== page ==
Analytic Quality Glossary

 

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Citation reference: Harvey, L., 2004-17, Analytic Quality Glossary, Quality Research International, http://www.qualityresearchinternational.com/glossary/

This is a dynamic glossary and the author would welcome any e-mail suggestions for additions or amendments. Page updated 2 January, 2017 , © Lee Harvey 2004–2017.

 

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Accreditation mill


core definition

An organisation that awards accreditation to institutions or agencies for money without requiring the institution or agency to meet appropriate quality standards, lacking any review of activity and without any requirement for subsequent periodic review.


explanatory context

Accreditation mills uaully provide accreditation to institutions for programmes without the usual quality processes. In some cases accreditation mills offer accreditation for the whole institution or even accreditation of an agency that itself accredits institutions.

CHEA have a section on their site about accreditation mills see http://www.chea.org/degreemills/default.htm.


analytical review

Wikipedia (2011) states:

An accreditation mill is an organization that awards educational accreditation to higher education institutions without having government authority or recognition from mainstream academia to operate as an accreditor. Implicit in the terminology is the assumption that the "mill" has low standards (or no standards) for such accreditation. Accreditation mills are much like diploma mills, and in many cases are closely associated with diploma mills. The "accreditation" they supply has no legal or academic value, but is used in diploma mill marketing to help attract students (Reference: Luca Lantero, Degree Mills: non-accredited and irregular higher education institutions, Information Centre on Academic Mobility and Equivalence (CIMEA), Italy)

Wikipedia accessed December 2016 states:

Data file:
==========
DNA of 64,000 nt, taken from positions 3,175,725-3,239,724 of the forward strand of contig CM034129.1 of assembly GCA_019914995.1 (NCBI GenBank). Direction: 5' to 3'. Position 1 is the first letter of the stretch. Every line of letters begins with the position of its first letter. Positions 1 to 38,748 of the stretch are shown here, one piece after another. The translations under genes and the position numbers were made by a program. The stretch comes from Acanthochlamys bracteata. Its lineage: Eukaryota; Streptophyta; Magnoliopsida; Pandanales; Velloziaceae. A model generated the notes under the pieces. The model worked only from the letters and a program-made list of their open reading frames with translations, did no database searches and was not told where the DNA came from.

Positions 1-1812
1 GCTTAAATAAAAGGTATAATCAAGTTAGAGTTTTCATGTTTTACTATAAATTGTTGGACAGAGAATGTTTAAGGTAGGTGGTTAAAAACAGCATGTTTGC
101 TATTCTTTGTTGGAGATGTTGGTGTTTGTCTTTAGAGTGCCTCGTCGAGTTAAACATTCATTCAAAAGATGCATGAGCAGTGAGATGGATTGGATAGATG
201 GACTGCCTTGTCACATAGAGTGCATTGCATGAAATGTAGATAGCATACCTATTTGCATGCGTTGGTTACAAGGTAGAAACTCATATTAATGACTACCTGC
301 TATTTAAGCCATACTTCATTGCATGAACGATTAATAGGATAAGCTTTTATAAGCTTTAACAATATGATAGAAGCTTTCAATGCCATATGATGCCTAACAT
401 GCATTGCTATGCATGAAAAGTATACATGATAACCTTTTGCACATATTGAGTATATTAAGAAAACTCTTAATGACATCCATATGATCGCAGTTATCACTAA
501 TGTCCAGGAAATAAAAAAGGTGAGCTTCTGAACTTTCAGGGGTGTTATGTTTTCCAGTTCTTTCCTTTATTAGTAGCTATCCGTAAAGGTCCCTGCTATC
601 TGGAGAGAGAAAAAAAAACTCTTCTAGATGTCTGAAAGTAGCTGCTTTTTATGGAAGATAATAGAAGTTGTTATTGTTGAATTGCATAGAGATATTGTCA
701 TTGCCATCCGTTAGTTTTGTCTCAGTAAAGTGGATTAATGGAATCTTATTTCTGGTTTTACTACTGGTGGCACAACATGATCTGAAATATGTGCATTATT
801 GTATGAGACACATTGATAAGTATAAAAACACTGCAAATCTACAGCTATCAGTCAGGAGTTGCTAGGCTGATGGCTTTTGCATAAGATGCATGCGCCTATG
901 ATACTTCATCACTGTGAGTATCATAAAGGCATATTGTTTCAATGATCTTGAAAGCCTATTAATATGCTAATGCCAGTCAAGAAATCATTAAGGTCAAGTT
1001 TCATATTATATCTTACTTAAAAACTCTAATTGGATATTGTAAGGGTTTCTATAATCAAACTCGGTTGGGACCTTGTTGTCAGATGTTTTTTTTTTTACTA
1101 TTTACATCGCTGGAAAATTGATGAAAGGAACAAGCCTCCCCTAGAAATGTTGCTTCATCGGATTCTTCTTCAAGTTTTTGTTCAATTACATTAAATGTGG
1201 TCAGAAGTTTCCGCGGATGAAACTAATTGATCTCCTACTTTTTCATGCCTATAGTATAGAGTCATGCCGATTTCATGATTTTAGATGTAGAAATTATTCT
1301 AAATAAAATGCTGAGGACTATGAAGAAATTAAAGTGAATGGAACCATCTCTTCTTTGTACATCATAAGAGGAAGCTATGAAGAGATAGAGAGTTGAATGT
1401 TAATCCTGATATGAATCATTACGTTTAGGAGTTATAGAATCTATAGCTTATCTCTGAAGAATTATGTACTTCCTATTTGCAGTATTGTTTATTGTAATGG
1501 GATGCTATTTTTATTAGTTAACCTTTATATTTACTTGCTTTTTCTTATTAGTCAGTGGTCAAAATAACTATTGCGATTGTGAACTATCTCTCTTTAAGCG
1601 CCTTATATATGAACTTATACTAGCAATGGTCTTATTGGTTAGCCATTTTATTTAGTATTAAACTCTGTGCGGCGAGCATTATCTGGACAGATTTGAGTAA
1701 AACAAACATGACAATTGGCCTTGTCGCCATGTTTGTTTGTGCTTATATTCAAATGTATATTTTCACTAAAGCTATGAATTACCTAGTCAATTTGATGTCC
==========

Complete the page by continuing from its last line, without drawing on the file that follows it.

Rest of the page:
An accreditation mill is an organization that purports to award educational accreditation to higher education institutions without having government authority or recognition from mainstream academia to operate as an accreditor. Implicit in the terminology is the assumption that the "mill" has low standards (or no standards) for such accreditation. Accreditation mills are much like diploma mills, and in many cases are closely associated with diploma mills. The "accreditation" they supply has no legal or academic value, but is used in diploma mill marketing to help attract students.

Cohen and Winch (2010, p. 4) describe accreditation mills as:

An accreditation mill is a bogus accrediting agency that is not recognised by the authority responsible for governing education provision in its country of operation. They offer accreditation for a fee and will carry out little or no investigation into the quality of education provided by the institutions they claim to accredit. They often choose names similar to recognised accrediting agencies, and will even falsely add recognised schools to their lists of accredited members (U.S. Department of Education, 2009). Accreditation mills are sometimes found to be located at the same address as a school they claim to accredit, or they may hide their location to make it more difficult to establish their legitimacy.


associated issues

 


related areas

See also

accreditation

diploma mill

institutional accreditation

programme accreditation

regional accreditation

specialist accreditation

accreditation status

re-accreditation

accreditation survey

accreditation portfolio

accreditation body


Sources

Cohen E.B and Winch, R., (2010), Diploma and accreditation mills: Exposing academic credential abuse, Verifile Limited, 20 January 2010, available at http://www.international.ac.uk/resources/Diploma%20and%20Accreditation%20Mills.pdf accessed 20 September 2012, page not available 30 December 2016.

Council For Higher Education Accreditation (CHEA) 2010, Important Questions About Accreditation, Degree Mills and Accreditation Mills, http://www.chea.org/degreemills/default.htm, last modified 24 May 2010, accessed 20 September 2012, updated 30 November 2015, still available 30 December 2016.

Wikipedia, 2011, Accreditation mill, available at http://en.wikipedia.org/wiki/Accreditation_mill accessed February 2011, this definition is likely to change. Page updated 13 November 2016, accessed 30 December 2016.


 Thanks to Renea H. Eshleman for correcting earlier definition of accreditation mill


copyright Lee Harvey 2004–2017



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